I wanted to wait until more details came out about the Cap Hit Recapture stipulation of the upcoming CBA before doing this analysis, but looking at the numbers itself can help lead to ready-made conclusions already being prepared once those details emerge, and it's more fun that way.
Shut up, sometimes math can be fun.
For starters, Elliotte Friedman got the ball rolling on Monday with an article about Roberto Luongo and how the system might affect his trade value. Friedman himself admits that he's not 100 percent versed on the rule (nor is anybody else who has been willing to talk about it so far, it seems).
The basics are as such: When there's a difference between a player's actual salary and his cap hit, that difference goes into a pot that is then charged against the team's cap in the event he doesn't play out his full contract. The money is split evenly among all years remaining on the contract (much like AAV is calculated now). Friedman also goes into how a players' cap hit recapture dollars remain with the team for whom he was playing over the specific salary years he played. That brings up a supremely interesting pair of questions:
1. While it's assumed that years where a player's salary is higher than his cap hit that the recapture pool will increase, does it then decrease in years following the wave-break when his cap hit exceeds his actual salary?
2. If the answer to question 1 is "yes", then would those positive differences carry over all years or belong solely to the team who bothered holding a player's contract during years where his cap hit was higher than his salary?
It does make sense to minimize the punishment as the player honors those years of his deal, but it also doesn't make sense to create a loophole where a team could somehow trade in wasted cap space during rebuilding years for extra cap space when the team is ready to start spending.
Regardless, the Wings have three players who are on deals which could see cap hit recapture dollars come to bear. Henrik Zetterberg's was one of the league's first long-term deals, followed by Johan Franzen and most recently, Niklas Kronwall. While there are plenty of ways this could work out, I'm going to create six charts which show the cap hit recapture for the Wings if all three retire, beginning in the summer of 2015 (Zetterberg and Kronwall will be 35 and Franzen will be 36).
Without the biggest question answered, I'm going to assume that later-career calculations where cap hit exceeds salary will benefit the team and they will see the amount of cap hit to be recaptured lowered by the difference between those two numbers each season.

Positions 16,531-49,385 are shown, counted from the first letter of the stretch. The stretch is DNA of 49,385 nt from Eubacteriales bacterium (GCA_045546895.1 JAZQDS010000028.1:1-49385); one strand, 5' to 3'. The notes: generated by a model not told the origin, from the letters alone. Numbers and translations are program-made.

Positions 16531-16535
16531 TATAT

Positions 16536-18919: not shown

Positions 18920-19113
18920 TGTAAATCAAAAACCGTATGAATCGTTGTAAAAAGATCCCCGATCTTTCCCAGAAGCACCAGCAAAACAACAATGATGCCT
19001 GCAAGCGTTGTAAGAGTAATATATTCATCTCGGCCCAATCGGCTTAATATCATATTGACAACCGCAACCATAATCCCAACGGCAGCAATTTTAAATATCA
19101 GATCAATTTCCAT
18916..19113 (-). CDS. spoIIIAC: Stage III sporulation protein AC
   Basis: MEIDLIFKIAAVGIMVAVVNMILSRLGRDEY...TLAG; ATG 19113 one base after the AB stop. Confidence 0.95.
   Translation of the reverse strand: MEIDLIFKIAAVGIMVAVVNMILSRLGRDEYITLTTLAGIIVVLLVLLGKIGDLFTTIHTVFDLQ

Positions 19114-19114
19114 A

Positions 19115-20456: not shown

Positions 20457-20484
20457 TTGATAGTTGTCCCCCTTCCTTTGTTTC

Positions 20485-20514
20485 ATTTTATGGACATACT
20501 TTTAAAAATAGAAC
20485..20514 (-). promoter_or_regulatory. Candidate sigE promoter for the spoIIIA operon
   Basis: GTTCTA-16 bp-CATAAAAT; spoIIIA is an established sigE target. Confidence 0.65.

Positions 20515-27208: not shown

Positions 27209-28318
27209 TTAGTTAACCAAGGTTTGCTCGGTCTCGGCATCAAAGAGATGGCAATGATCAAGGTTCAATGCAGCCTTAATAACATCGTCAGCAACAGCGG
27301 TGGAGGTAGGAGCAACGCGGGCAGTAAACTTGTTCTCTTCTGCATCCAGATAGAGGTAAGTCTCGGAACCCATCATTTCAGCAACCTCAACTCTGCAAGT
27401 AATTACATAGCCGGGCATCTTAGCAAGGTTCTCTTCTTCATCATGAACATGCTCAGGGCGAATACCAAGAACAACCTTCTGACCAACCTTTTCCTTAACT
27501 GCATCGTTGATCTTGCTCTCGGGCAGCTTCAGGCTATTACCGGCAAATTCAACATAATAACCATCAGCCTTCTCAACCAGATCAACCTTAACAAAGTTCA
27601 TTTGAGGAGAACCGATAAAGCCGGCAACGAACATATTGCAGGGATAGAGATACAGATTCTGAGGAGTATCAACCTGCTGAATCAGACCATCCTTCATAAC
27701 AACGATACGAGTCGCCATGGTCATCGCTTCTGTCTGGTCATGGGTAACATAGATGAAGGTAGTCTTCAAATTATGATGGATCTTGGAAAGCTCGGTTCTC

As a disclaimer: All of these figures are done with the assumption that the entirety of the 2012-13 salary & cap hit is used for this calculation. In short, there's almost no way these numbers will be accurate when the final CBA is ratified.
Table 1: retire summer 2015 - Cap Hit Recapture amounts
|Player||Total Recapture Pool||2015-16||2016-17||2017-18||2018-19||2019-20||2020-21|
|Total Cap Penalty||$18,672,732||$3,542,046||$3,542,046||$3,542,046||$3,542,046||$2,979,546||$1,525,000|
Table 2: retire summer 2016
|Player||Total Recapture Pool||2016-17||2017-18||2018-19||2019-20||2020-21|
|Total Cap Penalty||$22,384,854||$5,359,547||$5,359,547||$5,359,547||$4,192,880||$2,113,334|
Table 3: retire summer 2017
|Player||Total Recapture Pool||2017-18||2018-19||2019-20||2020-21|
|Total Cap Penalty||$24,096,976||$7,742,047||$7,742,047||$5,617,047||$2,995,834|
Table 4: retire summer 2018
|Player||Total Recapture Pool||2018-19||2019-20||2020-21|
|Total Cap Penalty||$21,809,098||$10,254,549||$7,254,549||$4,300,001|
Table 5: retire summer 2019
|Player||Total Recapture Pool||2019-20||2020-21|
|Niklas Kronwall||$0 (Contract Expired)||$0||$0|
|Total Cap Penalty||$13,121,220||$8,037,885||$5,083,335|
Table 6: retire summer 2020
|Player||Total Recapture Pool||2020-21|
|Johan Franzen||$0 (Contract Expired)||$0|
|Niklas Kronwall||$0 (Contract Expired)||$0|
|Total Cap Penalty||$5,083.337||$5,083,337|
The numbers get pretty severe as you approach the 2017-18 season, but there could also be something of a saving grace in there, depending on how well the league rebounds from any actual lockout damages. Let's pretend that the 2013-14 cap of $64.3M inflates by 5% every year and look at what those hits would be comparative to cap size. By the time we start the analysis, the cap has already exceeded the $70.2M threshold from which it will drop after this season.
Table 7: Recapture Penalties expressed as percentage of total salary cap
|Retirement Summer||Salary Cap||2015-16||2016-17||2017-18||2018-19||2019-20||2020-21|
So even with a decent amount of inflation lowering the effective hit of the Cap Hit Recapture stipulation, the damage can be pretty severe in the event that all three of these guys decide to call it quits in a few years. It will be partially mitigated by the nearly $14.8M current cap hit for the three players coming off, but all that really does is mean that the money to replace them won't be there. Two seasons of having 10% of the maximum cap eaten up by nothingness could really cripple a Red Wings squad that should be looking at having to start paying out some hefty salaries to their next generation of core players by the time these penalties come to bear.
We'll have to wait and see exactly how this process works when the CBA is finalized, but this could very well play into Ken Holland's buyout decisions in the coming months.